A health department office in Arlington, Virginia, is seeking more than $7 million to build an innovative and innovative prevention effort focused on “fierce and comprehensive prevention,” according to a report by the Office of the Inspector General.
The office, headed by Assistant Secretary of Health John C. O’Sullivan, is asking for a $15 million grant from the U.S. Department of Health and Human Services (HHS), and a $20 million grant by the U,S.
Agency for International Development (USAID).
The $7.6 million in funding is part of the $17.2 million in grants the HHS has awarded to state and local agencies to implement its efforts to reduce health disparities.
The Office of Inspector General also issued a report in January 2016 on how the federal government has “overstated” the importance of reducing disparities in health, which the agency found was in keeping with its stated goals.
In its report, the office found that the UHS and USAID were not only overstated their funding requests, but also that they were not properly reporting to Congress the amount of funding they were requesting and why.
The report noted that USAID’s annual report to Congress stated that, “USAID’s funding to state, local, tribal, and tribal-related organizations for health care prevention and wellness initiatives is currently under $5 billion,” yet the report noted the “federal government has not provided Congress with information on the amounts of funding that are allocated to such programs.”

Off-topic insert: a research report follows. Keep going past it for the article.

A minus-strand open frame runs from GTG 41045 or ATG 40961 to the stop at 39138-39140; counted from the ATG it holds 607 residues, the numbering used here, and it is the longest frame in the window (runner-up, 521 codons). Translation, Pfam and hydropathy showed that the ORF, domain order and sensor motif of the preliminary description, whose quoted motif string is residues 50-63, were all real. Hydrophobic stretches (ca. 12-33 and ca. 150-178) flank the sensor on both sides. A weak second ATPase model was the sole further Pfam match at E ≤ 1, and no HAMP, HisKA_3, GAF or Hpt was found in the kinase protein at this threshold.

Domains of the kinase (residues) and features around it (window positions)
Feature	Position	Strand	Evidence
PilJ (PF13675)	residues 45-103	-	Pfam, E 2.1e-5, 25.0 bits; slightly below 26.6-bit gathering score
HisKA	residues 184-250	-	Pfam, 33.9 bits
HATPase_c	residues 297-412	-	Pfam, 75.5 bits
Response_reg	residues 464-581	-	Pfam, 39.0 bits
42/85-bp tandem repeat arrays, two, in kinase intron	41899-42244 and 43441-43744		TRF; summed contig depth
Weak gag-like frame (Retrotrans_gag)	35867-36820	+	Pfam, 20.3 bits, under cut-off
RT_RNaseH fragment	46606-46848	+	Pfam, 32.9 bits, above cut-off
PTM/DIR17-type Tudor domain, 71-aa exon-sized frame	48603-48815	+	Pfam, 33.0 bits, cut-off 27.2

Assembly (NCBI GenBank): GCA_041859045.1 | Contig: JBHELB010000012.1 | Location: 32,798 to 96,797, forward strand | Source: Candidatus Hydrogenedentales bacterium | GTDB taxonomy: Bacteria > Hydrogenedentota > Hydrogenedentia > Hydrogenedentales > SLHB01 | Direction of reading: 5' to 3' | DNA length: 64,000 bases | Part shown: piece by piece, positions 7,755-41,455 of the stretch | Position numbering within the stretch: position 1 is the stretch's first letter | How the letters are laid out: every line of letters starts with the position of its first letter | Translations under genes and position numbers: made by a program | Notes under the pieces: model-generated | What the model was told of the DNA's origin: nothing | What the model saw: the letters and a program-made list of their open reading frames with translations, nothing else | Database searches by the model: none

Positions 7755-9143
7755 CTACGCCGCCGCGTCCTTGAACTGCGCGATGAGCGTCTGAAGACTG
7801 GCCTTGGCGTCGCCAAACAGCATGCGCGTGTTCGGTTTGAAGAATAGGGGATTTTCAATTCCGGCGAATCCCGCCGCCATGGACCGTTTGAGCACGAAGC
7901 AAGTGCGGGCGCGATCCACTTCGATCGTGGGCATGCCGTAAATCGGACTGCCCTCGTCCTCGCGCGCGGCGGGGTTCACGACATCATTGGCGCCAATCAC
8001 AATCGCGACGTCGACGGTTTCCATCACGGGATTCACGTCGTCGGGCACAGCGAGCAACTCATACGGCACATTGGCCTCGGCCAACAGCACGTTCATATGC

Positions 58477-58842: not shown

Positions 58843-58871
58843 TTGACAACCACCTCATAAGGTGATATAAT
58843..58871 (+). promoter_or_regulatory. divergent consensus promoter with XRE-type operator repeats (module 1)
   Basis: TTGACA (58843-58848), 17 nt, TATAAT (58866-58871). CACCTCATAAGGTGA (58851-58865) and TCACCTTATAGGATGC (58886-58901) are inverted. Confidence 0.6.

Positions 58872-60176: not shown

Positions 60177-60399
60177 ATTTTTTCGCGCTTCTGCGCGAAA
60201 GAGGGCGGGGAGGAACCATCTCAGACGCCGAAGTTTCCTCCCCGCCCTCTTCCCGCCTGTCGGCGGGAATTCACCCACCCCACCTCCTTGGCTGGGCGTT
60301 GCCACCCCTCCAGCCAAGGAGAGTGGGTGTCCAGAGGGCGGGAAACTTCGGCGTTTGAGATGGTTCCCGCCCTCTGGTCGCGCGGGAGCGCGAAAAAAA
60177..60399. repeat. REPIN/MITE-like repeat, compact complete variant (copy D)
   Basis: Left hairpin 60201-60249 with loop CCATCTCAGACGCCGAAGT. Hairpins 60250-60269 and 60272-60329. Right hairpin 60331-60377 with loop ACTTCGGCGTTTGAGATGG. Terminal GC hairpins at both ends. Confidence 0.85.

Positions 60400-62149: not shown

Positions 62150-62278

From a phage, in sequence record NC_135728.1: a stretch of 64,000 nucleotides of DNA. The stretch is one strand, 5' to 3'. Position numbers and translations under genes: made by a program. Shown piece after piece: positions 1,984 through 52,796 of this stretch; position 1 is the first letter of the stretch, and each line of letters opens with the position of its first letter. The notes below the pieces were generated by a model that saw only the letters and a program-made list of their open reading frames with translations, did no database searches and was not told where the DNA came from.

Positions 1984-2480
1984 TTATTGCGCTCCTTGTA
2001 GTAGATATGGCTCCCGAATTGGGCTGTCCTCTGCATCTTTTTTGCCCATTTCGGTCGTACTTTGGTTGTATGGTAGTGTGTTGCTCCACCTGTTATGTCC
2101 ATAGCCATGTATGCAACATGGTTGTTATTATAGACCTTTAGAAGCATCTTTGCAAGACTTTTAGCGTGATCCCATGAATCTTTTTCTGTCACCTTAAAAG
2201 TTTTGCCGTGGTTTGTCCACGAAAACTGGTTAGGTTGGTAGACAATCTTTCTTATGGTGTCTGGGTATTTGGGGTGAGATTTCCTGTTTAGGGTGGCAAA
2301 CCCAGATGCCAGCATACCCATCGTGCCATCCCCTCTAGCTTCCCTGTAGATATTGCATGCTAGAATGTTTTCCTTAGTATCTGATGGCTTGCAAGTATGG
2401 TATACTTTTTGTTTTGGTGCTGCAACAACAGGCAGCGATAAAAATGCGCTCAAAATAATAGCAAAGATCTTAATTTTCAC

The report also noted that in 2015, USAID had $5.5 billion to spend on its “farsighted” $1.2 billion “Prevention and Health Promotion” program, but according to the Inspector Generals Office, that money was not spent in its stated budget year, which was 2016.
“Despite repeated requests by Congress, the Agency for Health Care Administration (AHCA) failed to provide Congress with any information regarding its funding allocation, reporting requirements, and funding allocation priorities,” the report stated.